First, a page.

New program targets early childhood


Staff Writer

Monday, May 13, 2019

Local residents working with the Down East Partnership for Children recently received a briefing about Gov. Roy Cooper’s newly created N.C. Early Childhood Action Plan.

Rebecca Planchard, senior early childhood policy adviser for the state Department of Health and Human Services, told the folks that work on the plan began in August 2018 when Cooper issued an executive order directing the Department of Health and Human Services to develop the project.

“In this plan, we are defining early childhood as birth to age eight, since outcomes at third grade are often predictive of future outcomes for a child. When we are thinking about early childhood, we need to think cohesively about all aspects of a child’s life — not just education,” Planchard said. 

The plan focuses on achieving 10 specific goals and strategies that affect three aspects of a child’s life: their health, providing a safe and nurturing environment and helping them to learn and become ready to succeed. There are specific goals that the state hopes to attain by 2025, according to the plan.

The health goals include improving the infant mortality rate, especially for African-American babies, and providing preventative health services for children and their families through Medicaid expansion. The goal also includes including food security for children across the state.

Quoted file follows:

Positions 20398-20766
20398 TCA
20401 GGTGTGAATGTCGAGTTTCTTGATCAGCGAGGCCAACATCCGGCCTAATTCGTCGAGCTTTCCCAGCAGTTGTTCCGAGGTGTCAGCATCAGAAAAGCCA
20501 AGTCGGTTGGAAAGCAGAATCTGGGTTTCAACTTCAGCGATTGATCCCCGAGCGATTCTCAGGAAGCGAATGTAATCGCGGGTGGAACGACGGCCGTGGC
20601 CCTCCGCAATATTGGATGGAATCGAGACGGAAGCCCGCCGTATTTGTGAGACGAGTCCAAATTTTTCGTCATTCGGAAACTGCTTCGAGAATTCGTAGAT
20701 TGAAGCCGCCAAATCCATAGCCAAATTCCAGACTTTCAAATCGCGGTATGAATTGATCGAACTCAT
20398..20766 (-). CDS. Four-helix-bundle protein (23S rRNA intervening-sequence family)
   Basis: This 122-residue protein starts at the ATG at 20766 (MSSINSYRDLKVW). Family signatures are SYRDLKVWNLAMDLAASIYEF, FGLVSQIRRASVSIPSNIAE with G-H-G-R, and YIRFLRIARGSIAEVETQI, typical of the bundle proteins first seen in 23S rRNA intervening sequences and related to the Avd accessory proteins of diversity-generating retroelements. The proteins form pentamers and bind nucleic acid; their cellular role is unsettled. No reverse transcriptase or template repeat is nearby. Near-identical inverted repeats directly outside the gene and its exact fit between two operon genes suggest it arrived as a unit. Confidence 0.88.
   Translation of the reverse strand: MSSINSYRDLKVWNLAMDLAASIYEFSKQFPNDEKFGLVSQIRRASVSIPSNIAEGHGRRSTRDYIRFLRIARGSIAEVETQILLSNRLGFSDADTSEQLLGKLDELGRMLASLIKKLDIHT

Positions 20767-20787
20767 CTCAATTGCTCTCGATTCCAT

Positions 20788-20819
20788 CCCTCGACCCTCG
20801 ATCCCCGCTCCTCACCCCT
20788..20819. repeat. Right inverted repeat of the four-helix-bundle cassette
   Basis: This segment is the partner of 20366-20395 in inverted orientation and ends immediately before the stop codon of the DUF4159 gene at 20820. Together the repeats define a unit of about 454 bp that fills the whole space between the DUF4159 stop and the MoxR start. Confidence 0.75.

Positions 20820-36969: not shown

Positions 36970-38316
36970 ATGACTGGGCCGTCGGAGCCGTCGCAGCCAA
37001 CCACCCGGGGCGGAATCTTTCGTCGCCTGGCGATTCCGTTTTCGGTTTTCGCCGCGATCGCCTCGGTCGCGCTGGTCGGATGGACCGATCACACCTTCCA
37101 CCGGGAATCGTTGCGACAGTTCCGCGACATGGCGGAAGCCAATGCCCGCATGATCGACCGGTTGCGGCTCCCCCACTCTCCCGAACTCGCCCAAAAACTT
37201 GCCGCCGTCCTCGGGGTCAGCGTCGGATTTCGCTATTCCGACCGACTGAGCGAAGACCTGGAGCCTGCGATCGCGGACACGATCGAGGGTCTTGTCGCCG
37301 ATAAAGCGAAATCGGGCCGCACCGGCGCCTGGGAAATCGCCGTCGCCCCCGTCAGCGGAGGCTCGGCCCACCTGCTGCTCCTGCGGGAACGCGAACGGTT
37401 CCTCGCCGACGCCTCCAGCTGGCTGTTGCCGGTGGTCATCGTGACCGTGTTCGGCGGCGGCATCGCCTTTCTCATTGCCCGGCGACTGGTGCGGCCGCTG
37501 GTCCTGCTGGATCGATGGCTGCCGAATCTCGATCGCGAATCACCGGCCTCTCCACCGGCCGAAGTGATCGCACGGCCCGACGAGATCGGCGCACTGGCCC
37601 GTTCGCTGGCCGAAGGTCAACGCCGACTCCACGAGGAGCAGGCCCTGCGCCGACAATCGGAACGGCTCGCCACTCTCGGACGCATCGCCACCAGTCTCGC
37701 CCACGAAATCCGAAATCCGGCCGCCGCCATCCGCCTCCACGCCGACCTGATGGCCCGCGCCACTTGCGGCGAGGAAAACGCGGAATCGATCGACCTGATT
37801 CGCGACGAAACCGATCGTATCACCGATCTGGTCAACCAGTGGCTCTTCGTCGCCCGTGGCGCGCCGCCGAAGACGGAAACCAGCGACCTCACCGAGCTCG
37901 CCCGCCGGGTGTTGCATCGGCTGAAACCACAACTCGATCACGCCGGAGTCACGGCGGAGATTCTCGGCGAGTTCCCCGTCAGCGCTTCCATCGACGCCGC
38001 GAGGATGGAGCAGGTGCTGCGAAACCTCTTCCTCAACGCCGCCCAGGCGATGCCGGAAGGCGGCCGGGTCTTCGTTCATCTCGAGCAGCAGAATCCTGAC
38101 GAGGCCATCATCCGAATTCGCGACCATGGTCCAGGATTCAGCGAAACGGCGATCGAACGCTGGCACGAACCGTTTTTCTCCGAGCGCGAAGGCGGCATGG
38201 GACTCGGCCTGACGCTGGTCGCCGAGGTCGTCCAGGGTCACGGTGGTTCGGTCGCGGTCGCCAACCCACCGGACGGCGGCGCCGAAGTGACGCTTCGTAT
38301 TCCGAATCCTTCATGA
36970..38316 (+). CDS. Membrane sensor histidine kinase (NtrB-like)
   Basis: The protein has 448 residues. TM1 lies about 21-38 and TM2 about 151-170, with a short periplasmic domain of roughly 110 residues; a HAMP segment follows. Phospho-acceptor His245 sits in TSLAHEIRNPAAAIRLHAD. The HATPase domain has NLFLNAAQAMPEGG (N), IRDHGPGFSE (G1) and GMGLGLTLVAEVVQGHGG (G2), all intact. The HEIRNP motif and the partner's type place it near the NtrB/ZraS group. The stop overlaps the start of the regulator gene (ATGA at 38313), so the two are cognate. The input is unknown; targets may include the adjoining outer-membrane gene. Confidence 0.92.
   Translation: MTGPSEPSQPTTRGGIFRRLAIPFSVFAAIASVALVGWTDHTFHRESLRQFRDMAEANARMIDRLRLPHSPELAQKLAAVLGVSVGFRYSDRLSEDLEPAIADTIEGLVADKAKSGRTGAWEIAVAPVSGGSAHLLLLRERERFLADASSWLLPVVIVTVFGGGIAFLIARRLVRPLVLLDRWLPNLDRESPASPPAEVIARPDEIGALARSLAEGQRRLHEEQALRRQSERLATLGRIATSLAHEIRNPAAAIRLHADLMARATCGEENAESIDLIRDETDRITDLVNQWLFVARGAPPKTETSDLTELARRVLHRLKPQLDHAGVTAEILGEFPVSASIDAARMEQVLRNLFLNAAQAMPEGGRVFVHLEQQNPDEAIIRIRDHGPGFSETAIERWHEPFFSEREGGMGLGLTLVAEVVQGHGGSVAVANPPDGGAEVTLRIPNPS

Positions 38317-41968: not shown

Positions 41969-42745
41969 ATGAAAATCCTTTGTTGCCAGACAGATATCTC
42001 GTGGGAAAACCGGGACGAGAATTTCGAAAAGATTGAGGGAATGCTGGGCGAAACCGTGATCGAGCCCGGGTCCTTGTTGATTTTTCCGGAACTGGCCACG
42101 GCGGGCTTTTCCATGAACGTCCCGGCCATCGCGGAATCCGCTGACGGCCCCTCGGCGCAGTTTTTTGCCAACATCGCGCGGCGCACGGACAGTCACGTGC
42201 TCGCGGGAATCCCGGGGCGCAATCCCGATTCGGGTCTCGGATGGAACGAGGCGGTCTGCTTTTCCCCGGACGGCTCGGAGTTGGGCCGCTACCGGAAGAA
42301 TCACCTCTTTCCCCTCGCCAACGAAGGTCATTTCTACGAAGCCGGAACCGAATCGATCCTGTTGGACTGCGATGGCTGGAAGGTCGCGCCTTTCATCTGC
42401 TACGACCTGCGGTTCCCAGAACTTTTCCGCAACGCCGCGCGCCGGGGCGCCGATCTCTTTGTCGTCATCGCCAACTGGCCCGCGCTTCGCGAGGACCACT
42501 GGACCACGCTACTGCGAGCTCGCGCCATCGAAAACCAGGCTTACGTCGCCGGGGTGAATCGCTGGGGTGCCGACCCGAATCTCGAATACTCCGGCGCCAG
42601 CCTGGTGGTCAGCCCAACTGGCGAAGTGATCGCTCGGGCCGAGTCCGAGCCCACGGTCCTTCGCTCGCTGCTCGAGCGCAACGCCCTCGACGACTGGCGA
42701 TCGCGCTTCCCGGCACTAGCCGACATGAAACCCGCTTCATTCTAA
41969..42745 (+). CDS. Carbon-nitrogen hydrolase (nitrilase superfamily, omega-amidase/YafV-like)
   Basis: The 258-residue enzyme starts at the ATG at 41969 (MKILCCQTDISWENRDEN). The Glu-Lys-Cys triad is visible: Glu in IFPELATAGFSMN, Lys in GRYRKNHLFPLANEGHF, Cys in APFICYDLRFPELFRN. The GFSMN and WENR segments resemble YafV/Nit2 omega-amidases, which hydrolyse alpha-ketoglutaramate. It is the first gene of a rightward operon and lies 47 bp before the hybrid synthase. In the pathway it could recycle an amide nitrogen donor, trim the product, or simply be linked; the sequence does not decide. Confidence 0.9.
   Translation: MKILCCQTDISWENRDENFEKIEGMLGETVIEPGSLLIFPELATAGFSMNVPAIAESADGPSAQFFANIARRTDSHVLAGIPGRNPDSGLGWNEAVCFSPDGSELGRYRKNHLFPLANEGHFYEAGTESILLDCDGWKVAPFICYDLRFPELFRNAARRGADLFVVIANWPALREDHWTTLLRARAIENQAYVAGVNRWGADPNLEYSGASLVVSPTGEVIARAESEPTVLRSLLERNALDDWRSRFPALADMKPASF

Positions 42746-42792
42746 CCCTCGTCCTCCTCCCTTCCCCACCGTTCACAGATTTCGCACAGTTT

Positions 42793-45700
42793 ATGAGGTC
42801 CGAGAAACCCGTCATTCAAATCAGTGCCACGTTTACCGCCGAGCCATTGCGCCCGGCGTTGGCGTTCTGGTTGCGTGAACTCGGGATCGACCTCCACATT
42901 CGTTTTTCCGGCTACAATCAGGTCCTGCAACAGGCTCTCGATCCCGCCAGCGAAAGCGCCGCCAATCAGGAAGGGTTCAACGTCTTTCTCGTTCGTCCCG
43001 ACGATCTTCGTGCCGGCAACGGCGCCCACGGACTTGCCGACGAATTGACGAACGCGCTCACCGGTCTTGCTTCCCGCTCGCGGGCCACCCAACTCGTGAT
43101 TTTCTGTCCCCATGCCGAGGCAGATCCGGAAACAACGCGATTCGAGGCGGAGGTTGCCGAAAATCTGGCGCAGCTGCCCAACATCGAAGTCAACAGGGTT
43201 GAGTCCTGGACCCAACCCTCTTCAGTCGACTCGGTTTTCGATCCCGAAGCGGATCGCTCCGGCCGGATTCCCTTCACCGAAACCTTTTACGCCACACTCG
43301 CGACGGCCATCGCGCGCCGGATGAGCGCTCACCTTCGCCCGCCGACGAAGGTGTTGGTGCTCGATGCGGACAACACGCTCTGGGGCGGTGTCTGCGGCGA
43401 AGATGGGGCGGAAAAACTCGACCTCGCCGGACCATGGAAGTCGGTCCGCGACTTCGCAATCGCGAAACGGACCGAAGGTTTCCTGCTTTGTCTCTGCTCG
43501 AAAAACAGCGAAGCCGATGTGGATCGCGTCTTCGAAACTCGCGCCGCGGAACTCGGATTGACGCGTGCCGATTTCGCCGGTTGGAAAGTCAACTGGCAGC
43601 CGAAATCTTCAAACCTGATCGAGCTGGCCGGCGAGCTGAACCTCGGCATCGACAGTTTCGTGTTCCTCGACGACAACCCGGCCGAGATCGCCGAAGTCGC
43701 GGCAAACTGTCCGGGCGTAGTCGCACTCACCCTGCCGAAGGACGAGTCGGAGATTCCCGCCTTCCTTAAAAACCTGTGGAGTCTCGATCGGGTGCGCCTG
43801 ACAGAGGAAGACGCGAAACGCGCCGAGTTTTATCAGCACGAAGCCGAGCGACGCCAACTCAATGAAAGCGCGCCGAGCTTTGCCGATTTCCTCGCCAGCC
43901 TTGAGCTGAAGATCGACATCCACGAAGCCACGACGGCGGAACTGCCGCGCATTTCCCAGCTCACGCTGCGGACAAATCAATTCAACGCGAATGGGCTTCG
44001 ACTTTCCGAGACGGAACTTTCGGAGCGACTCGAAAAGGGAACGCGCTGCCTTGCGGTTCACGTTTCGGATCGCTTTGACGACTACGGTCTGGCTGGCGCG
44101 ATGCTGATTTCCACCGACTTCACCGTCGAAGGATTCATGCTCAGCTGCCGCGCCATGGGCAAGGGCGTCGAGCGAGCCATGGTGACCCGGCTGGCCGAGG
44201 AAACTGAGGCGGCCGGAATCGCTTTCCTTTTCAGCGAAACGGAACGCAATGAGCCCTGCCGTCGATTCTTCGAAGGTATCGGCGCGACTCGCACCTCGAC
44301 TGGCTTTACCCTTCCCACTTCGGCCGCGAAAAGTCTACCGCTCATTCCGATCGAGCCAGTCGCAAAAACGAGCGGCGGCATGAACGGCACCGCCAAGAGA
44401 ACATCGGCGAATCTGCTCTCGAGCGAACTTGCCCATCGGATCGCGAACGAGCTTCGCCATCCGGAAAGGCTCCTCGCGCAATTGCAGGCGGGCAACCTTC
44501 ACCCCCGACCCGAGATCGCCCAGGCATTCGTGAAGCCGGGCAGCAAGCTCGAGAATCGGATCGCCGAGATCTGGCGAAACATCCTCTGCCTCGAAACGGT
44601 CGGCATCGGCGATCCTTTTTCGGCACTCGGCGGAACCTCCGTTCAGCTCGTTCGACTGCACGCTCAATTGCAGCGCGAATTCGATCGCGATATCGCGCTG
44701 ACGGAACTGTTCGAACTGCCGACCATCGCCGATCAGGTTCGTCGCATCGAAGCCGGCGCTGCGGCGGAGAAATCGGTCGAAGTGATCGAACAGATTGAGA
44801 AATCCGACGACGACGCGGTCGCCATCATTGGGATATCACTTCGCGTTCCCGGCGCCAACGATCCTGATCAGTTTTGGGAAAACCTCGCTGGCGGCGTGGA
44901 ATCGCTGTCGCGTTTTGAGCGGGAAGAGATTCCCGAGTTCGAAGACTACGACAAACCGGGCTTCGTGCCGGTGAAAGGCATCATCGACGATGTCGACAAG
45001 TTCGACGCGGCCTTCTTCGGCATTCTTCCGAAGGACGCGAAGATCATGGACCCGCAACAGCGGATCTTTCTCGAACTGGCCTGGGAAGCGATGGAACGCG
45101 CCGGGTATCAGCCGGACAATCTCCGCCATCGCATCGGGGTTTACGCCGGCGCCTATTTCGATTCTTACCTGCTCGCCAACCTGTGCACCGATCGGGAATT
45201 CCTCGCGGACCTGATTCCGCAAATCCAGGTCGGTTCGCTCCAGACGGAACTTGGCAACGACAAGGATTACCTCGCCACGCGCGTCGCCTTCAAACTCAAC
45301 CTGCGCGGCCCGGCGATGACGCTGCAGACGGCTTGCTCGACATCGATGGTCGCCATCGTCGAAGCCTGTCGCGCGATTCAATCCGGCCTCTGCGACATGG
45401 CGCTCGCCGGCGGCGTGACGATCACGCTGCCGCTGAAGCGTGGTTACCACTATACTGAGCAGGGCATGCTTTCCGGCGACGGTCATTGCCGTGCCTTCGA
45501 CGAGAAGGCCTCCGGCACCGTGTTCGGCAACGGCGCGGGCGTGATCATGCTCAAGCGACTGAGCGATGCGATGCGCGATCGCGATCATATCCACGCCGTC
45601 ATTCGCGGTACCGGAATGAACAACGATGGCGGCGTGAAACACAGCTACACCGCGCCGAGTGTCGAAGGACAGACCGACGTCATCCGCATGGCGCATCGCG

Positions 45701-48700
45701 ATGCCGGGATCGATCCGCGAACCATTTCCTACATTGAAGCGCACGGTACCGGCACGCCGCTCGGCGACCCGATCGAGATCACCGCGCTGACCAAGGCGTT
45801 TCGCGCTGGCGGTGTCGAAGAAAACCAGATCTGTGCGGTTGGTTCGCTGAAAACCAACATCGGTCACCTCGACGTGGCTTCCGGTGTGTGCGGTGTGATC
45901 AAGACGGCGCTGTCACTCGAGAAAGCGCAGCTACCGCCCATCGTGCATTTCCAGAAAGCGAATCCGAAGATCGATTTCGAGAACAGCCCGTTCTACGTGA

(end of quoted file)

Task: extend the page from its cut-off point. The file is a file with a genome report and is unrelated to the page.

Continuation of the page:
“Currently, African-American births face 2.5 times the infant mortality rate as white births in this state,” Planchard said. “And one in five children in the state face food insecurity, placing us in the bottom 10 states in the nation.”

In order to provide a safe and nurturing environment for young children, the NC Early Childhood Action Plan sets goals for achieving more safe and secure housing for young children and helping them to be in safe and nurturing families and caregiver situations. 

One of the goals for achieving a more nurturing environment is finding more permanent families for young children in foster care.

“One-half of North Carolina children ages four and five in foster care will have spent more than 1,000 days in foster care before they are adopted,” Planchard said. “For a young child, that is a significant part of their life.”

Improving the social-emotional health and resilience of young children is another goal of the safe and nurturing environment plank of the NC Early Childhood Action Plan.

The educational plank of the plan has three goals. Two of the goals for this aspect of the plan are improving access to high-quality opportunities to engage in early learning and putting young children on track for reaching their developmental goals before they enter kindergarten.

The last goal, like many aspects of the plan, is one that has been promoted for many years — improving the number of children who read at grade level by the end of third grade.

“In 2017, only 39 percent of North Carolina fourth-grade students were reading on a proficient level,” Planchard said.

Planchard urged community members, schools and organizations to work together to better the lives of young children in the state.

”The bottom line is that we need all of us to do something about this issue,” Planchard said.

For more information about the new Early Childhood Action Plan, go to https://www.ncdhhs.gov/about/department-initiatives/early-childhood/early-childhood-action-plan.